Increasing numbers of Hong Kong people are taking to yoga today as a response to the stressful city life. Some people, like Maggie Tan, programme manager and senior instructor at mYoga, make a career out of it.
"I loved the way that the yogic movements allowed me to express myself," Ms Tan explains. "I started out taking a part-time Pilates course and then there was a period of unforced natural attraction to yoga where steps meant for each path opened up for me at just the right time. I wasn't looking for it to happen but began responding to opportunities as they presented themselves." As a result, she learned all the necessary exercises, and then started teaching a few courses in yoga. Her interest growing stronger, she then completed a formal accredited course. After working part-time for four years, she became mYoga's full-time senior instructor and manager last year.
When growing up Ms Tan had 11 years of ballet training, reaching Grade Seven, but reluctantly gave this up at age 17 to concentrate on her university studies. However this formative training proved valuable since it conditioned her for her rise to a yogini (female yogi).
Ms Tan holds a PhD in neuro biology. She actually entered the yoga teaching profession six years ago after an academic career doing nitty gritty laboratory stuff on cell regeneration. Born in Malaysia, she spent 17 years in Australia before coming to Hong Kong and giving up lab work. She describes her change in careers as being initially "like a trickle of water ", since she began working part-time in her new profession and only recently took on full-time responsibilities. "To begin with I was a yoga student myself and quite casual about it," she admits. But she had already decided to leave scientific work so she could spend more time with her young daughter, and was searching for a new vocation.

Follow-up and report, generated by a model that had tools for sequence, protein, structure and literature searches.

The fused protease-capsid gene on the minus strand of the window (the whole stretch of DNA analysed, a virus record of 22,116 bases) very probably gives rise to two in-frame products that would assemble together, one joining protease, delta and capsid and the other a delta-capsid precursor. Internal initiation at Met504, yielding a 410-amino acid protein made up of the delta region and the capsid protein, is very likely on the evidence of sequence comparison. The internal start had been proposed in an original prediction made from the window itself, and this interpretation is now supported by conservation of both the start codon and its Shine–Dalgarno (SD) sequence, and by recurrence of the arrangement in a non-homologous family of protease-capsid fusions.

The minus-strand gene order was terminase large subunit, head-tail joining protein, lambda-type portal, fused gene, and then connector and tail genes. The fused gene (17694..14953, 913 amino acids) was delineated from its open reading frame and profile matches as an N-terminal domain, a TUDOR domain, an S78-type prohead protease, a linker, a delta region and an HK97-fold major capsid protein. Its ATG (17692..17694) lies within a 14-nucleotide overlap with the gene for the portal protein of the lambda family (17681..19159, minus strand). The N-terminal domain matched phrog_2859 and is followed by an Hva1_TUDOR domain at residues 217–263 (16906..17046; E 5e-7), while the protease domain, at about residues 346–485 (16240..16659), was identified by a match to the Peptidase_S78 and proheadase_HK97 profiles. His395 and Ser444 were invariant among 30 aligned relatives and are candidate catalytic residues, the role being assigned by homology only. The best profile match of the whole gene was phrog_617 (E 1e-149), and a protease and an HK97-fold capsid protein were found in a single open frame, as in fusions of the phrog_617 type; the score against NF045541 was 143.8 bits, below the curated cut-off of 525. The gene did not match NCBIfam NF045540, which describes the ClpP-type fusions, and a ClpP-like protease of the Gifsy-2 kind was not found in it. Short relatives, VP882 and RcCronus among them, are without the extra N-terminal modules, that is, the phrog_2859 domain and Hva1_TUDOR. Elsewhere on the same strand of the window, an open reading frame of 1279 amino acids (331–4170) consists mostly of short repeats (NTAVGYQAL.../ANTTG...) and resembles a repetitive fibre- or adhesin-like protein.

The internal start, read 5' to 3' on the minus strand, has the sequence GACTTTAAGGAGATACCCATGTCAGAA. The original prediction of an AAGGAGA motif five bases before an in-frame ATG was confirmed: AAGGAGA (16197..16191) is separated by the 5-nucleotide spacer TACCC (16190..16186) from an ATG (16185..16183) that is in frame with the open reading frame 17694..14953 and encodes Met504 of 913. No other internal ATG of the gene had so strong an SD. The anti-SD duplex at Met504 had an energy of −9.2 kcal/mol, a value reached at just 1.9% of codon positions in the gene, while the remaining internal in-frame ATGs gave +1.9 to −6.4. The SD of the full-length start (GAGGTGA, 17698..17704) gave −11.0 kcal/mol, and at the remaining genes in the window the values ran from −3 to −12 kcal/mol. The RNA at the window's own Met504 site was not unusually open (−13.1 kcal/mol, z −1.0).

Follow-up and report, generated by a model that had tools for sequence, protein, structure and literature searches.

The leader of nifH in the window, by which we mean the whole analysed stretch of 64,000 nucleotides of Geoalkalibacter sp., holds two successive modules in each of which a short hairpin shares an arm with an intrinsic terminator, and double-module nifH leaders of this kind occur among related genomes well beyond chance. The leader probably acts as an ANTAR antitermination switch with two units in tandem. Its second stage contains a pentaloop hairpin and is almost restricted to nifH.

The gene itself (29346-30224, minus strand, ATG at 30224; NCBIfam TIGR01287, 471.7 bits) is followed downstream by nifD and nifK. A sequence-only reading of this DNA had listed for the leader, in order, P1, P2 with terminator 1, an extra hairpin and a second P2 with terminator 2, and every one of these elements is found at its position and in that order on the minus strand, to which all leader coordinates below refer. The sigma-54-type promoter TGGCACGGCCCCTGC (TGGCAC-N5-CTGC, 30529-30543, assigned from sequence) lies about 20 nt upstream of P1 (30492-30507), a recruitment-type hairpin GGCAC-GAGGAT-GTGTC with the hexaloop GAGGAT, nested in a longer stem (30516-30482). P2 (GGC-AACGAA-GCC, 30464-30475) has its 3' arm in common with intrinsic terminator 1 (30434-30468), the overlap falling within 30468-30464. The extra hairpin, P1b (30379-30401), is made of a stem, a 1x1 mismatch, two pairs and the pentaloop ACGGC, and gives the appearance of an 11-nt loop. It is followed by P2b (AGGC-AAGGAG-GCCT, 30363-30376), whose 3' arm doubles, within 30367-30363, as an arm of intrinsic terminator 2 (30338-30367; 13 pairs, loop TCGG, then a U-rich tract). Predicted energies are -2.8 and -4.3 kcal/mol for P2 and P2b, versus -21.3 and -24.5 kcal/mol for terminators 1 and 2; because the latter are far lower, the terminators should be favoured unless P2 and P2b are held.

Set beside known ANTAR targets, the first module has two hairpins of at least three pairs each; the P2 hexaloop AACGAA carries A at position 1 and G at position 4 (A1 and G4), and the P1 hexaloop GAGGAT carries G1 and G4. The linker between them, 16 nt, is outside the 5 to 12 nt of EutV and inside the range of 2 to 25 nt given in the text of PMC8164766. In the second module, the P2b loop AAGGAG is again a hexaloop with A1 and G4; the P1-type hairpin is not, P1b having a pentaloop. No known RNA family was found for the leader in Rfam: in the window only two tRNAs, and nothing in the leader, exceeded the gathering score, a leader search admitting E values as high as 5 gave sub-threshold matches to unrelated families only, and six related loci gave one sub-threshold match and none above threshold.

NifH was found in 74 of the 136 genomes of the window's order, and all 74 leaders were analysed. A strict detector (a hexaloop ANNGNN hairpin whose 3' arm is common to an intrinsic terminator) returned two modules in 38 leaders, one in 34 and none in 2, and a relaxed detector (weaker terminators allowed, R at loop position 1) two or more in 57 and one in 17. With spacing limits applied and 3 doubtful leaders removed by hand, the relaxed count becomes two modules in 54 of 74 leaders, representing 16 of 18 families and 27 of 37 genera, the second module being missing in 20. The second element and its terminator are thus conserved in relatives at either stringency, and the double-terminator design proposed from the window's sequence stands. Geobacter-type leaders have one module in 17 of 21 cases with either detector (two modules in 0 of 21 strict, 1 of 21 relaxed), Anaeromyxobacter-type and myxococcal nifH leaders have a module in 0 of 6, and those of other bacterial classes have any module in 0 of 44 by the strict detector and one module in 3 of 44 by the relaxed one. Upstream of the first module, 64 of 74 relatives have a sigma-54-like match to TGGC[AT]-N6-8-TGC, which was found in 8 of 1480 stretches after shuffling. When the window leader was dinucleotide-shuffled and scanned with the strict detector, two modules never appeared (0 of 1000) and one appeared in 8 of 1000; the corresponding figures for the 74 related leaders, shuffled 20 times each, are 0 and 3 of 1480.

"To be good you need to be special"
Way of life
There is "a really nice community feeling" among the clients at mYoga, says Ms Tan. "People come here and make friends, and it's really nice to see them get together and share their experiences. All this is a significant part of what I like about the profession," she adds.
Describing the job of an instructor, she says, "The critical skills involved relating firstly to yogic abilities but it is equally important to have empathy and the ability to reach out and see the bigger picture that represents the whole of a person."
One aspect of yoga is about stilling the fluctuations of the mind, Ms Tan stresses, which is easily attached to the outside world, and a way of doing so is through physical exercise. "Yoga is more than a set of exercises, it can be a way of life — a way of being, but some people may take up yoga without this. By working with focus and concentration it comes down to calming the mind. So if you work the postures, you focus on the present and in the process become detached from the outer world. This focus can be incredibly calming — almost meditative. From this platform one can go deeper into what yoga really is, but some people merely prefer to have a work-out, de-stress a little bit and find that is good enough."
On a typical day, Ms Tan begins by checking emails, sorting out class schedules and clearing her desk, then teaches two to three classes. Other responsibilities include meetings with management related to operations, programming and sales, and taking a close interest in the work of other instructors. "My door is always open to the instructors and quite frequently we discuss the progress of classes, various clients, and any problems that might have arisen."
Ms Tan believes that to teach yoga, one must practice yoga and fully believe in its benefits. Citing the growth of yoga not only in Hong Kong but in other parts of Asia, she points out that there are several accredited certification programmes available in Hong Kong including the teacher training course mYoga runs with US-based yoga school Yoga Works. Any courses taken should have international quality control from the Yoga Alliance, she adds. Certification can be accomplished in three days while international quality control requires 200 hours of practice, theory and philosophy studies.
"There is a big demand for good teachers nowadays, but to be good you need to be special," says Ms Tan. "You need to make connections, and possibly have an innate sense with people, be genuine and have a real sense of what it means to be with another person." On top of everything, she concludes, one must also be a yoga advocate. "You cannot fake it."